Barran also told the House of Lords in July – two months later – that she was “absolutely clear” the DfE “is not aware of any child or member of staff being in a school that poses an imminent safety risk”. 

She is expected to be probed on the timeline of events at a special session of the education committee on September 19.

Senior DfE officials are also likely to be recalled to the public accounts committee on Monday, which had closed its inquiry on school buildings over the summer.

Back-to-school chaos

The last-minute closure decision left headteachers scrambling to draw up emergency plans. Nearly a third had to delay the start of term or educate some pupils remotely.

Some heads handed over their own offices to convert into classrooms while waiting for news from the government on temporary teaching spaces.

The overflow carpark at Farlingaye High in Suffolk will now house toilet blocks and eight temporary classrooms, with the first being constructed today.

Eighteen classrooms, toilets and changing rooms at the school are cordoned off.

East Anglian Schools’ Trust could fork out up to £300,000 in instalments over the next 12 months, with the start of term delayed.

The government said it will fund mitigation works to “remove any immediate risk”, which could including propping up affected buildings.

It will also fund capital works such as installing temporary classrooms on site, but will not fund revenue costs – like bussing pupils to other schools. (The government has since updated guidance to say “all reasonable requests” for revenue costs will now be funded).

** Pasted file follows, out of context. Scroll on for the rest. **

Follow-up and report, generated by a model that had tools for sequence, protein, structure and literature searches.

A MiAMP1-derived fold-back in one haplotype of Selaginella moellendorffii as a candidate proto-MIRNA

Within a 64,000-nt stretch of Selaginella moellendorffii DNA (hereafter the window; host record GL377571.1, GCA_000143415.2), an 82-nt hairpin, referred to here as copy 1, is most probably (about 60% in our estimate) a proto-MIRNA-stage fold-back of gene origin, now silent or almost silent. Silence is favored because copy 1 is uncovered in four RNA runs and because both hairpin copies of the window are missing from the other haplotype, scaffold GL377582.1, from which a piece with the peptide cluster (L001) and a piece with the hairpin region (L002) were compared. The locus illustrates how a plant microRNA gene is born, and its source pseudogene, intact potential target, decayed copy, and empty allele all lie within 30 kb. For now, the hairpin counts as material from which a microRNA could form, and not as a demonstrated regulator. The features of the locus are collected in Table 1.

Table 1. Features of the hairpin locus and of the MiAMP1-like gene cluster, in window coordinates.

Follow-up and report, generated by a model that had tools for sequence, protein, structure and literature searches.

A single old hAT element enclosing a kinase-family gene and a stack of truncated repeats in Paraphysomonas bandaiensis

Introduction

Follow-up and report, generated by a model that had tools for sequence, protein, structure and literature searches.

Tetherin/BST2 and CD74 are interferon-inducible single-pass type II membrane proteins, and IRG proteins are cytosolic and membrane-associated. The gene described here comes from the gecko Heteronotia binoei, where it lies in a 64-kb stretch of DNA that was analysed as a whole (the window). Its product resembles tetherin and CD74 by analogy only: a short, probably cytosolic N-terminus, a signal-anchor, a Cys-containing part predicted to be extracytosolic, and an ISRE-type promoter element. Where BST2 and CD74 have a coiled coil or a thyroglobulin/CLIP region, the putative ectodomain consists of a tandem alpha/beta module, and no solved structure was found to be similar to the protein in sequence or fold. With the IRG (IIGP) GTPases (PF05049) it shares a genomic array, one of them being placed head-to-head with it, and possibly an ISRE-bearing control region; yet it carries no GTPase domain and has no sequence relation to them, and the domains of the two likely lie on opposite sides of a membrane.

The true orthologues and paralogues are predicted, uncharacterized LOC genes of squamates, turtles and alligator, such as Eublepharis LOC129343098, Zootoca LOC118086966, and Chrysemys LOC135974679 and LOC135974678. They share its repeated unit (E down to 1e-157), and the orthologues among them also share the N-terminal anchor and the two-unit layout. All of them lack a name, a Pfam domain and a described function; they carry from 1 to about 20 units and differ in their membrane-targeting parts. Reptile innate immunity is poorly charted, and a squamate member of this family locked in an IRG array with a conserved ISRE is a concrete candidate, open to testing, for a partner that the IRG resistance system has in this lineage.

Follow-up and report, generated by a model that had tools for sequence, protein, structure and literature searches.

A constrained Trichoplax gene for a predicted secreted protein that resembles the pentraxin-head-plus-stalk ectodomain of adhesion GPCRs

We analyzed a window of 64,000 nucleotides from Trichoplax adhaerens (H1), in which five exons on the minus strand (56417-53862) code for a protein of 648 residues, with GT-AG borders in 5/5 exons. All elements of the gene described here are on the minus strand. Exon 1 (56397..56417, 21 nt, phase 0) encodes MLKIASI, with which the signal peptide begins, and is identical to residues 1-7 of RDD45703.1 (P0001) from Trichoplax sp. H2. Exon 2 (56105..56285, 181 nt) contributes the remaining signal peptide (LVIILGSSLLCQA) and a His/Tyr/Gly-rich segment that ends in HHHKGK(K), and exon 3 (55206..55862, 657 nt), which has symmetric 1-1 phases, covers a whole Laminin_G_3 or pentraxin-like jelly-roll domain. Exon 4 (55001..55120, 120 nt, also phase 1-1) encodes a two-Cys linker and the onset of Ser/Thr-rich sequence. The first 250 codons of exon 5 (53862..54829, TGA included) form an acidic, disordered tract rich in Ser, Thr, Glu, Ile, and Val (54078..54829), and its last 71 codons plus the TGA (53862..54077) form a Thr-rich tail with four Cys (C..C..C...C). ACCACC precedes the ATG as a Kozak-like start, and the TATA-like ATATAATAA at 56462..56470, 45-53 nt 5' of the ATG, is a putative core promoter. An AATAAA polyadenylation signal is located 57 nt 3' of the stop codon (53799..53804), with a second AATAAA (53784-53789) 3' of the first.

“In terms of the process of getting the money, I haven’t a clue,” said Angelo Goduti, the trust’s chief executive.

Classes in head’s office as schools get creative

Staff are being “creative” to find space inside the school, with the headteacher’s office set to be converted into a makeshift classroom.

An example of propping in a hospital with RAAC

Nick Hurn, boss of the Bishop Wilkinson Catholic Education Trust, said three of his schools in the north have been forced to close, with Durham University offering space free.

But he added: “If we have two double-decker buses with 160 kids [from one school] travelling to a different area, that’s soon going to rack up some costs.”

The South Suffolk Learning Trust needs 28 temporary classrooms to make up for lost space across three of its schools.

Sarah Skinner, its chief executive, has secured six for 12 weeks costing £125,000. But, so far, she has had “no information” about how to claim the cash back.

Keegan told MPs that the supply of temporary buildings has been increased with their installation “accelerated”. But so far, no information has been made publicly on how this will work.